By Dick Kempka
It’s likely most people have never heard the term blue carbon. When carbon is stored in coastal wetland ecosystems, including tidal marshes, mangroves and seagrass, it becomes known as blue carbon. Amazingly, blue carbon ecosystems remove four times more carbon dioxide from the atmosphere, per acre, than forests. This means healthy coastal wetlands are considered a carbon sink, and restored wetlands are a largely unrealized solution to the problem of increasing worldwide carbon dioxide levels. In fact, on a per-acre basis, coastal habitat restoration and conservation can provide among the greatest climate benefits compared to forest or all other land-use projects.
Last month at the 2015 Blue Carbon Network event in Silver Springs, Maryland, a group of scientists, policymakers and marketers gathered to discuss how to increase exposure for coastal wetlands — areas that are not only great carbon sinks, but also critically important for ecological and economic value. Globally, coastal wetlands are being lost at an unsustainable rate each year; estimated at 1 to 7 percent, according to Restore America’s Estuaries, an organization whose work is dedicated to the protection and restoration of U.S. bays and estuaries. Unfortunately, if this rate continues, all coastal wetlands may be lost in less than 100 years.
The first Blue Carbon Network workshop was initiated to identify a national network of people and organizations conducting work around blue carbon science, markets, management and policy. The objective of the network is to understand the gaps and challenges for blue carbon efforts in science, policy and environmental credit markets -- helping them move toward more concrete action strategies in 2015 and beyond. Much restoration work is being done with seagrasses in the northeast; peatland in the eastern seaboard; as well as coastal wetlands in the Lower Mississippi Valley, California and Puget Sound. However, restoration efforts have not kept up with habitat loss.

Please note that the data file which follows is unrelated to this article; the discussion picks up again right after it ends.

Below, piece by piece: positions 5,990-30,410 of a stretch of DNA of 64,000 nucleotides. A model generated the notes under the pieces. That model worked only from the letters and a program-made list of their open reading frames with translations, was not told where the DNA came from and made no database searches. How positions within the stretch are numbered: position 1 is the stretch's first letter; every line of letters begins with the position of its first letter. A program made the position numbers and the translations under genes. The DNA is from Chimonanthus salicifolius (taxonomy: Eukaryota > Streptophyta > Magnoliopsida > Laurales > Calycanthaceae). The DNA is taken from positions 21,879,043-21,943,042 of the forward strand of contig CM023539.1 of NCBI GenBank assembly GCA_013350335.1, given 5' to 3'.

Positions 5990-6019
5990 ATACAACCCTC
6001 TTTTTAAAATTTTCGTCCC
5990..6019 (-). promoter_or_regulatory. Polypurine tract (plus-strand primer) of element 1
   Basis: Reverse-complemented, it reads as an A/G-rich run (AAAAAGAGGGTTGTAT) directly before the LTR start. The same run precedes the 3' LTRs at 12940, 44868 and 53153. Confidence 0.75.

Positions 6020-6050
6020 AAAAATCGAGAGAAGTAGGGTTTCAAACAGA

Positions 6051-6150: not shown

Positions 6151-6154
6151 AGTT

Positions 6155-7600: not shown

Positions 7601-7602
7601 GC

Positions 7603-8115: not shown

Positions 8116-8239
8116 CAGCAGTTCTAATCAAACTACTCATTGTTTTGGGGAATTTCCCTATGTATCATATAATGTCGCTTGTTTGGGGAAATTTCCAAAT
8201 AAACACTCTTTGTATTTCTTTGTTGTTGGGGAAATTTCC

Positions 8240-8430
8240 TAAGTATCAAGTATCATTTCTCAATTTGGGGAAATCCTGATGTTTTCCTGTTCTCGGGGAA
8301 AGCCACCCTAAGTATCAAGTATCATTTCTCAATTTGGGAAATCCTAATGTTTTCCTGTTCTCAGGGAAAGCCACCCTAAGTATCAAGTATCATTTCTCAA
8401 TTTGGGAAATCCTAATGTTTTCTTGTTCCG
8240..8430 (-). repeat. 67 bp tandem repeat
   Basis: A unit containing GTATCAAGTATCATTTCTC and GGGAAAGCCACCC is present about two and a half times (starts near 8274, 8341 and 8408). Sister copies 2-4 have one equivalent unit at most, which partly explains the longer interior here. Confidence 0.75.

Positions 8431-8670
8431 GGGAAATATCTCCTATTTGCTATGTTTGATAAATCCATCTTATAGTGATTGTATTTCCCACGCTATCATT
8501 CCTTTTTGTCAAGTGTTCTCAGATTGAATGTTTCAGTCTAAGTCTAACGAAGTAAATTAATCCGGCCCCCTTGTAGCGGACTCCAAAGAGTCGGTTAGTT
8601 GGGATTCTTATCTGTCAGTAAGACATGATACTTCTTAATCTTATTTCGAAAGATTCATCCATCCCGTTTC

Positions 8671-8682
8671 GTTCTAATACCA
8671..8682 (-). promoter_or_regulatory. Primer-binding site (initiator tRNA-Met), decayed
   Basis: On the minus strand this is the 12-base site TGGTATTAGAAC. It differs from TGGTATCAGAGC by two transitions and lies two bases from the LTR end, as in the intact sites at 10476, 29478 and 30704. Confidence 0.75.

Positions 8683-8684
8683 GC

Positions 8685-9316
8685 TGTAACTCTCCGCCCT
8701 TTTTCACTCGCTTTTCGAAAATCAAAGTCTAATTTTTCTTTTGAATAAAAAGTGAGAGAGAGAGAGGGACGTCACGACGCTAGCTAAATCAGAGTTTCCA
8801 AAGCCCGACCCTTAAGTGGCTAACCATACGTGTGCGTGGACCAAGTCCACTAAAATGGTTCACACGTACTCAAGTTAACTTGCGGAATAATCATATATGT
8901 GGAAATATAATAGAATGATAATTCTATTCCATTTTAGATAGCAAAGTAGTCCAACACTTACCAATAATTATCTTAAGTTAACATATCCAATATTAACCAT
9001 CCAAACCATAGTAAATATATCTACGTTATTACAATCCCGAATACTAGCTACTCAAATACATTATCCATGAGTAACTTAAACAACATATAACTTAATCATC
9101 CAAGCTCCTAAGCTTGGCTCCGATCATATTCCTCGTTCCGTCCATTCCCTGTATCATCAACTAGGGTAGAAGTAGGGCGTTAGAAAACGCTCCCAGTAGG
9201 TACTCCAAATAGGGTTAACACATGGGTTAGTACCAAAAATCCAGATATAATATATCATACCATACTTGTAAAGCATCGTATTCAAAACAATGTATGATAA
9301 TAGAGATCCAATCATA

Similar to forests, wetlands store carbon in above and below ground vegetation, but primary carbon storage in wetlands is within soils. Carbon accumulates annually and can be stored for centuries within healthy wetlands; the majority of which is stored in the first meter of soil. Three prominent wetland types globally are Seagrasses (5.10 metric tons of carbon dioxide equivalents per year [tCO2e/ha/yr], Salt Marsh (8.0 tCO2e/ha/yr), and Mangroves (8.3 tCO2e/ha/yr). By comparison, tropical forests are below 0.50 tCO2e/ha/yr).
The Blue Carbon Network also advocates for coastal wetlands restoration projects with the leading greenhouse gas protocols and registries, to illustrate that healthy wetlands need to be included in the growing carbon market. Carbon and other environmental markets (e.g. water quality trading) can assist in financing the preservation and restoration of these coastal habitats—areas of vital importance to the U.S. for both environmental and international commerce reasons.
Presently there are both compliance and voluntary carbon markets in the U.S. The largest compliance market is an active cap-and-trade program located in California and managed by the California Air Resources Board (ARB). The California market is part of a statewide effort to reduce GHGs and promote clean technology. In this system, companies with emissions greater than 25,000 tCO2e/year are regulated. The primary compliance instrument are allowances—permits for covered entities to emit one ton of carbon dioxide issued by the state. Covered entities are also allowed to use credits generated in non-covered sectors, called offsets, for up to 8 percent of their compliance liability. Land-use types, such as forestry and rice, are soon-to-be or have already been approved as part of this regulated system. ARB’s plan is to approve additional land-based offset types in the future; with a potential fit for Coastal Wetlands Restoration. Acceptance of wetlands in this regulated system would likely spur much needed coastal restoration work.